KNOX, Henry (1750-1806), Secretary of War. Letter signed ("H Knox Secy. of War") TO CHIEF CORNPLANTER (ca 1732-1836) "and other Chiefs of the Seneka Nation, on or near the waters of Allegheny River," Philadelphia, 7 January 1792.
3 pages, 2o (402 x 250 mm) on fine paper watermarked "WHATMAN," text in a large clerical hand, papered seal of the U.S. on page 3, original folds discreetly reinforced in a few places, a few small holes at fold intersections, maroon morocco gilt protective case.
CONCILIATING THE SENECA, IN THE WAKE OF ST. CLAIR'S DISASTROUS DEFEAT: "GENERAL WASHINGTON REGARDS YOU AS OUR FAST FRIEND, AND HE WILL TAKE CARE OF YOU..."
The disastrous defeat suffered in November 1791 by American forces under Arthur St. Clair in the Northwest Territory precipitated a crisis in Washington's administration and forced a complete review of policies towards the frontier tribes. Although Cornplanter's Senecas, with other tribes of the Iroquois Confederacy, had sided with the English during the Revolution, they had accepted peace overtures from Washington, ceded considerable land and had come to be regarded as a model of how western tribes might be dealt with. St. Clair's military disaster, news of which spread rapidly through the tribes, raised concern that the Senecas might seize the opportunity to void their alliance with the U.S. and join the hostile factions of the Northwest. Knox's letter is evidence of this deep concern: "Brothers, Open your ears...it is by General Washington's orders, the great chief of the United States, I speak to you." Knox continues: "The unfortunate defeat of our troops at the westward does not dishearten the United States, and I hope it does not you. It is true we lament the blood that has been spilt in a war which you know we wished to avoid. You know this as well from the mouth of our great chief General Washington, as from the endeavors of Colonel Proctor, whom I sent you last Spring. But the number of men we have lost, we can easily replace, and therefore although the continuance of the war will be troublesome, yet in the long run we must conquer."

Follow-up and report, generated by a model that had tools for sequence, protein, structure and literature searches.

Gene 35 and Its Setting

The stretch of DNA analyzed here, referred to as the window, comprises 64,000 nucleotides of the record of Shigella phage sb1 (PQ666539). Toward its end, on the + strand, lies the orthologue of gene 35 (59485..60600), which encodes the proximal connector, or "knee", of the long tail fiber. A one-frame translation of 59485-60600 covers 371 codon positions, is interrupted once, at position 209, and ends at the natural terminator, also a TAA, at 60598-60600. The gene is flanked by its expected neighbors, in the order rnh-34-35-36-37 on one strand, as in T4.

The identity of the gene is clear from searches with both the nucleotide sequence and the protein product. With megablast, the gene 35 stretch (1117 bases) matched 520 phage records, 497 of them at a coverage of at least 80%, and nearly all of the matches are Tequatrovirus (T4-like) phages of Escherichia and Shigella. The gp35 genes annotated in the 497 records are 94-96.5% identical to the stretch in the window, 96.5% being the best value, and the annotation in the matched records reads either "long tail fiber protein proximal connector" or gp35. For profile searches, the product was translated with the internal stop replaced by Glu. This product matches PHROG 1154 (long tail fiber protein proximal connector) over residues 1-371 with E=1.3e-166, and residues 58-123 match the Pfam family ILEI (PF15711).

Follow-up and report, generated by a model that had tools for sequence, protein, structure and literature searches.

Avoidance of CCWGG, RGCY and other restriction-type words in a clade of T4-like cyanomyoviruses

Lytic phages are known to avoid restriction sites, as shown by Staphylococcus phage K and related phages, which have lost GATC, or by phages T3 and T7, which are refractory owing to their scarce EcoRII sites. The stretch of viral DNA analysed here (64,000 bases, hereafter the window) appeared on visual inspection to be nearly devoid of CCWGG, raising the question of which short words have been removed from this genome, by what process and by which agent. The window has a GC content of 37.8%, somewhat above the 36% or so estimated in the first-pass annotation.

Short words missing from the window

"The United States have wished to be at peace with the Miami and Wabash Indians but they have refused to listen to our invitations and have continued to murder our people. Brothers, the United States must, and will protect their frontier inhabitants, and if much evil befall the bad indians, they will have brought it on themselves. General Washington regards you as our fast friend, and he will take care of you. Lieutenant Jeffers tells us you have been threatened by the bad indians. If this should be the case you had better remove near his garrison. Or shall we build a fort near where you are, to which you may resort, in case of danger. Speak, for we wish to consider you and your people as part of ourselves."
"I have sent you a few presents to replace those things which some bad people plundered you of last spring. Receive them as an earnest of the good will of the United States, and let us know what other articles you wish, and they will be sent you. Let nothing shake your friendship..." A note of J. Stagg, Chief Clerk of the War Department at the bottom of page 3 explains that "Ensign Lewis Bond" delivered two copies of the letter to the Indians "at the Seneca Town, Connestatoga on the Allegheny River in the State of New York..."
Cornplanter, a moderate, remained vocal advocate of peace, at great personal cost, but at the important Augleize conference of the tribes in September, he was unable to prevail. Further warfare in the Ohio Valley was inevitable (as witness the St. Clair disaster in following lots). In reaction, as Richard Morris writes, "a new breed of Americans, and a new breed of leader...would in the longer run achieve the wholesale annexation of Indian lands" through "a ruthless program...incompatible with with notions of amicable Indian-white relations..." (The Forging of the Union, p. 189). Published in American State Papers, vol. 4, p. 226.